December 8, 2023

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Several U.S. Supreme Court justices appeared skeptical Tuesday that a group of Republican-controlled states and two borrowers have standing to file a lawsuit to overturn the Biden administration’s plan to forgive large amounts of federal student loan debt.

Whether this doubt translates into a decision to allow the loan cancellation program to continue is another matter. It was mainly the liberal wing of the court that questioned the plaintiffs’ standing during Tuesday’s oral arguments, but conservatives dominate the high court 6 to 3. Conservatives questioned the legality of the initiative, which a government agency assigned a $400 billion price tag over the next three decades.

Plan, which was unveiled by President Joe Biden in August, would erase up to $10,000 of debt for borrowers making up to $125,000 a year, or $250,000 for married households. Recipients of federal Pell Grants, the primary form of financial aid for low- and moderate-income students, would have an additional $10,000 forgiven.

The legal challenges, which the Supreme Court began to unravel on Tuesday, were brought by six red states, led by Nebraska, which claim financial damage to their tax revenues, and two student loan borrowers who say they could not take full advantage of the plan. They also argue that Education Secretary Miguel Cardona circumvented procedures required by law when devising the debt forgiveness program.

Most of the more than three hours of arguments Tuesday focused on whether the plan would specifically harm the states and the two borrowers, Myra Brown and Alexander Taylor, thereby allowing them to sue.

US Solicitor General Elizabeth Prelogar, arguing on behalf of the federal government, said the answer is definitely no. Legal experts cited the Biden administration’s strategy to protect the debt relief plan was to challenge the position, a more appealing line of reasoning for conservative justices. On the real question of whether the Biden administration has the power to forgive student loan debt without congressional intervention, he is more likely to side with states and borrowers.

For the two borrowers, Brown is not eligible for debt forgiveness under the plan, while Taylor is not eligible for the $20,000 cancellation. But neither debtor would benefit if their challenge were to succeed — which makes the lawsuit irrational if the two debtors are actually seeking more debt relief, Prelogar said.

The liberal justices agreed with Prelogar.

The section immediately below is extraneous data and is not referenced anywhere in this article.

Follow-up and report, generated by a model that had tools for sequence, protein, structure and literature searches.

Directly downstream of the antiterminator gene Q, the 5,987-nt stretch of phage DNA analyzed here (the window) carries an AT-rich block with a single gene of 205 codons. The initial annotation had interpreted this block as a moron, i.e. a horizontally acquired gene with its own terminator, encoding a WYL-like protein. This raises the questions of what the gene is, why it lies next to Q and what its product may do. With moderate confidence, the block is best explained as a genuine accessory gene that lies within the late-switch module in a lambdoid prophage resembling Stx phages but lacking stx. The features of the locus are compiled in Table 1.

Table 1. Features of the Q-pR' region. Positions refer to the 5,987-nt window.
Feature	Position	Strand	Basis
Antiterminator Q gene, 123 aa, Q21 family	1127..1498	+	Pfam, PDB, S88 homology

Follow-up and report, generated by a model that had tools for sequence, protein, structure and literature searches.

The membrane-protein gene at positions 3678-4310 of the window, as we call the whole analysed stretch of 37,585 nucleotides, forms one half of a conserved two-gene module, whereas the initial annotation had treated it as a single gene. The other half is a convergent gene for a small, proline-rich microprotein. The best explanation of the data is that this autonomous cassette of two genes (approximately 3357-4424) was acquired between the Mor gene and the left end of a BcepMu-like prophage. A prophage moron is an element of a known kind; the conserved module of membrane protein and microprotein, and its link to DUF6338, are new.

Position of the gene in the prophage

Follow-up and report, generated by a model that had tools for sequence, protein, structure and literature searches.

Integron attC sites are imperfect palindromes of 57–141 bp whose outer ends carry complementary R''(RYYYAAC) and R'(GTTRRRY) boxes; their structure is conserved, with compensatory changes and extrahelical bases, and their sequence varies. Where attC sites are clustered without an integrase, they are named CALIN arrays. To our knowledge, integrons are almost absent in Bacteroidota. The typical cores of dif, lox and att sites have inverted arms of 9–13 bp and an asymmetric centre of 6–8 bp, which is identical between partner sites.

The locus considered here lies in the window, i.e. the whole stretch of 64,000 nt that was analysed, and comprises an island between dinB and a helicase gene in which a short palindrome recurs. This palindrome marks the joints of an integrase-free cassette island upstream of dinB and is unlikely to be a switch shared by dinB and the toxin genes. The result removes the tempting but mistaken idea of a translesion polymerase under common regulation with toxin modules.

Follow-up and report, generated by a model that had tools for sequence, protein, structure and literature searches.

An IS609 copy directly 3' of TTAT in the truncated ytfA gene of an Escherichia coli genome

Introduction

“It’s so completely illogical to me that you come to court and say I want more, I’m going to file a lawsuit to get more, but I know I’m not going to get anything,” said Justice Sonia Sotomayor.

Brown and Taylor further claim that the administration did not give them an opportunity to consider the debt relief program. But the law the Biden administration used to justify debt relief, the HEROES Act of 2003, specifically exempts the education secretary from having to solicit public input, as is typical of major executive branch policy actions.

The HEROES Act gives the Secretary of Education the authority to cancel or modify financial aid programs during times of national emergency, such as the coronavirus pandemic.

J. Michael Connolly, an attorney representing the two borrowers, speculated during Tuesday’s arguments that the Biden administration would seek to rationalize the debt forgiveness through another legal avenue that requires a public comment period if it could not do so through the HEROES Act.

But the liberal justices found the argument appalling, saying there was no evidence the administration would have taken the action Brown and Taylor wanted if it hadn’t been able to rely on the HEROES Act.

Meanwhile, much of the debate in the GOP case has centered on Missouri’s standing to sue and potential harm to the Missouri State Higher Education Loan Authority, or MOHELA.

The entity is one of the federal government’s largest lenders charged with collecting student debt payments. It also funds state scholarships. The states said MOHELA would lose revenue from making direct loans — those made and owned by the federal government — if they were destroyed.

But while MOHELA has ties to Missouri, it operates largely independently of the state, which cannot touch its assets.

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